In 1982, Khan expanded the scope of nuclear technology for harnessing the agriculture and food irradiation process by establishing the Nuclear Institute for Food and Agriculture (NIAB) in Peshawar while moving PAEC's scope towards medical physics research by securing federal funding for various cancer research hospitals in Pakistan in 1983–91.[49]

1971 war and atomic bomb project[edit]

"We were not just making the bomb, but building science and technology....

— Munir Khan describing the atomic bomb efforts, [50]

On 16 December 1971, Pakistan ultimately called for a unilateral ceasefire to end their third war with India when the Yahya Khan administration acceded to the unconditional surrender of the Pakistani military on the eastern front of the war, resulting in the secession of East Pakistan as the independent country Bangladesh, from the Federation of Pakistan.: 38 [51]

Upon learning the news, Khan returned to Pakistan from Austria, landing in Quetta to initially attend the winter session to meet with PAEC's scientists before being flown to Multan.[52] This winter session, known as the "Multan meeting", was arranged by Abdus Salam for scientists to meet with President Bhutto who, on 20 January 1972, authorized the crash program to develop an atomic bomb for the sake of "national survival".: 39–40 [53] President Bhutto invited Khan to take over the weapons program work—a task that Khan threw himself into with full vigor.[54] In spite of having been unknown to many senior scientists,[8] Khan busied himself on development of the program, initially assisting in complicated fast neutron calculations.[55] Although Khan was not a doctorate holder,[56] his extensive experience as a nuclear engineer at the reactor physics division at IAEA enabled him to direct senior scientists working under him on classified projects.[56][35] In a short time, Khan impressed the conservatively-aligned Pakistani military with the breadth of his knowledge, and grasp of engineering, ordnance, metallurgy, chemistry, and interdisciplinary projects that would distinguish from the field of physics.[56]: 42–43 [57]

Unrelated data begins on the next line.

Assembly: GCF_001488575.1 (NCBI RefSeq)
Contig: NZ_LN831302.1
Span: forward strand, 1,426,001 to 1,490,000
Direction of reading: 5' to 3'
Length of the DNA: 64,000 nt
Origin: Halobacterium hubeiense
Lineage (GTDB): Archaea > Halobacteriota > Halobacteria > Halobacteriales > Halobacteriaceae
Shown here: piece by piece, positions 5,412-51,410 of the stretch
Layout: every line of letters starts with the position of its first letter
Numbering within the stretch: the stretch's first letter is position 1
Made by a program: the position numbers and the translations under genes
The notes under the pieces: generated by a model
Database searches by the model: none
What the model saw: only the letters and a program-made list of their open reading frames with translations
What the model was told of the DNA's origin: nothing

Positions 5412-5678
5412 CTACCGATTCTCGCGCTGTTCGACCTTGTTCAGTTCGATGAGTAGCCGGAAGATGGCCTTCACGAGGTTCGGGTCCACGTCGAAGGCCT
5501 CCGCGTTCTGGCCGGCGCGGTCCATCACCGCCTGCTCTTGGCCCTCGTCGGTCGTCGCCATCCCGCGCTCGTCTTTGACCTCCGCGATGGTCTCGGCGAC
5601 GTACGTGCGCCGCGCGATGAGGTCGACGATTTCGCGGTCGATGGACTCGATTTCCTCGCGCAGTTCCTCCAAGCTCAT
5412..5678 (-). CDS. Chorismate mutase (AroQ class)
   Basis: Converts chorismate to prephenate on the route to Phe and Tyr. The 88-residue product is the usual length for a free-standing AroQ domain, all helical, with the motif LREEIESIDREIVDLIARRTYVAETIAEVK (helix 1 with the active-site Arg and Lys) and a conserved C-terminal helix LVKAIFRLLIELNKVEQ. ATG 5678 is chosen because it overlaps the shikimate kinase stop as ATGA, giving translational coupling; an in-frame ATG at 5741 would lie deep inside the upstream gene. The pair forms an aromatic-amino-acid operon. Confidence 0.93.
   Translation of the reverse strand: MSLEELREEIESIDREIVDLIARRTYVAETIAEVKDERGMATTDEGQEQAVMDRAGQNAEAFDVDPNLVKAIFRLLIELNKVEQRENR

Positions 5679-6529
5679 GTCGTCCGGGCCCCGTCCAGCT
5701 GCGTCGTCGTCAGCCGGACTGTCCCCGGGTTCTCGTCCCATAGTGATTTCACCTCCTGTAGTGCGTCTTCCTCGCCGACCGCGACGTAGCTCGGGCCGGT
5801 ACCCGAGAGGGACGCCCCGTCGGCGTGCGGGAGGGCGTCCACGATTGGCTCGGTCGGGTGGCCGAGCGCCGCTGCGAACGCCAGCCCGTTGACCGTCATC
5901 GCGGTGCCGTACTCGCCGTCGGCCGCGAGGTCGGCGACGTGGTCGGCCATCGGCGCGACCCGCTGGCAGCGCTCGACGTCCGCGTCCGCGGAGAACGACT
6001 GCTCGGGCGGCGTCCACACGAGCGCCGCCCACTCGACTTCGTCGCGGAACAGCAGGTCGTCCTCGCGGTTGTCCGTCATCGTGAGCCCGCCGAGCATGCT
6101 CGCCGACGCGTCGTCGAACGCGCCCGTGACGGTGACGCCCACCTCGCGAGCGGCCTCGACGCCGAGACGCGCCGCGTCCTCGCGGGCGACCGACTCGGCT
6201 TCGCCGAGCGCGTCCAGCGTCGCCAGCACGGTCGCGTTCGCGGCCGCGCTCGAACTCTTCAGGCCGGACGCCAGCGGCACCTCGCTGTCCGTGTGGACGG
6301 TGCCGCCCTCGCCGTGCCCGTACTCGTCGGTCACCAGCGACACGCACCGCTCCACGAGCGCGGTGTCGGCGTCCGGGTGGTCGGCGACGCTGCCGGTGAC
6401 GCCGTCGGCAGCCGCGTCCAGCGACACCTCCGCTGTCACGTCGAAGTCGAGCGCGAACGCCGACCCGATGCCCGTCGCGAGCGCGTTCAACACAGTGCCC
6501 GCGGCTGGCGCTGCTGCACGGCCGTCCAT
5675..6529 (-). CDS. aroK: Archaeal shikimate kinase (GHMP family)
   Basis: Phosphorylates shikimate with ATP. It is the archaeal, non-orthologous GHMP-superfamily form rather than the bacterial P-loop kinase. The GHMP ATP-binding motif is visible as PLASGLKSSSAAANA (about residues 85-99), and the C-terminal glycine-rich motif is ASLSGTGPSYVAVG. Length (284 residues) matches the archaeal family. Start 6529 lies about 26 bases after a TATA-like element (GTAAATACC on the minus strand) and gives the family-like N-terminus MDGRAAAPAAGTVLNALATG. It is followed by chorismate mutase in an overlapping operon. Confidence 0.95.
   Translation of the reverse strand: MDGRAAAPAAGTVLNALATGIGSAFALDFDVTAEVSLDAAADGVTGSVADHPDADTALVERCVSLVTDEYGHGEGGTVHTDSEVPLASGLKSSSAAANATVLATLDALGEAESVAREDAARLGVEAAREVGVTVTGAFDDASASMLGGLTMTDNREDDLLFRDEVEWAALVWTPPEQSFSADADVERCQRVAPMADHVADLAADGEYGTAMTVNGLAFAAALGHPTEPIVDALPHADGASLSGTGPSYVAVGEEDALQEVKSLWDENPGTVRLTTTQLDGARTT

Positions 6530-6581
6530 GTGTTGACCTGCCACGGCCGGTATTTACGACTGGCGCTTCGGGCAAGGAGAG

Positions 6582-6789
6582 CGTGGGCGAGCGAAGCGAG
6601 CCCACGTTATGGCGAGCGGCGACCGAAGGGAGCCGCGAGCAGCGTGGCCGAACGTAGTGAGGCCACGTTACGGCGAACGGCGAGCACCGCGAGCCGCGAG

In December 1972, Abdus Salam directed two theoretical physicists, Riazuddin and Masud Ahmad, at the International Center for Theoretical Physics to report to Khan on their return to Pakistan where they formed the "Theoretical Physics Group" (TPG) in PAEC— this division eventually went to commit itself to perform tedious mathematical calculations on fast neutron temperatures.: 157 [58] Salam, who saw this program as an opportunity to ensure federal government's interest and funding to promote scientific activities in his country, took over the TPG's directorship with Khan assisting in the solutions for fast neutron calculations and binding energy measurements of the atomic bomb.: 157–158 [58]: 38–39 [59]

The research operational scope of the Pakistan Institute of Nuclear Science and Technology, the national laboratory site, was well expanded from a school building to several buildings, which were erected in great haste, in Nilore.[8][35] At this laboratory site, Khan assembled a large group of the top physicists of the time from the Quaid-e-Azam University, where he invited them to conduct classified research with federal funding rather than teaching the fields of physics in the university classrooms.[50]

An Example of Implosion schema of a nuclear weapon, Fat Man, built by the United States in the 1940s.[60]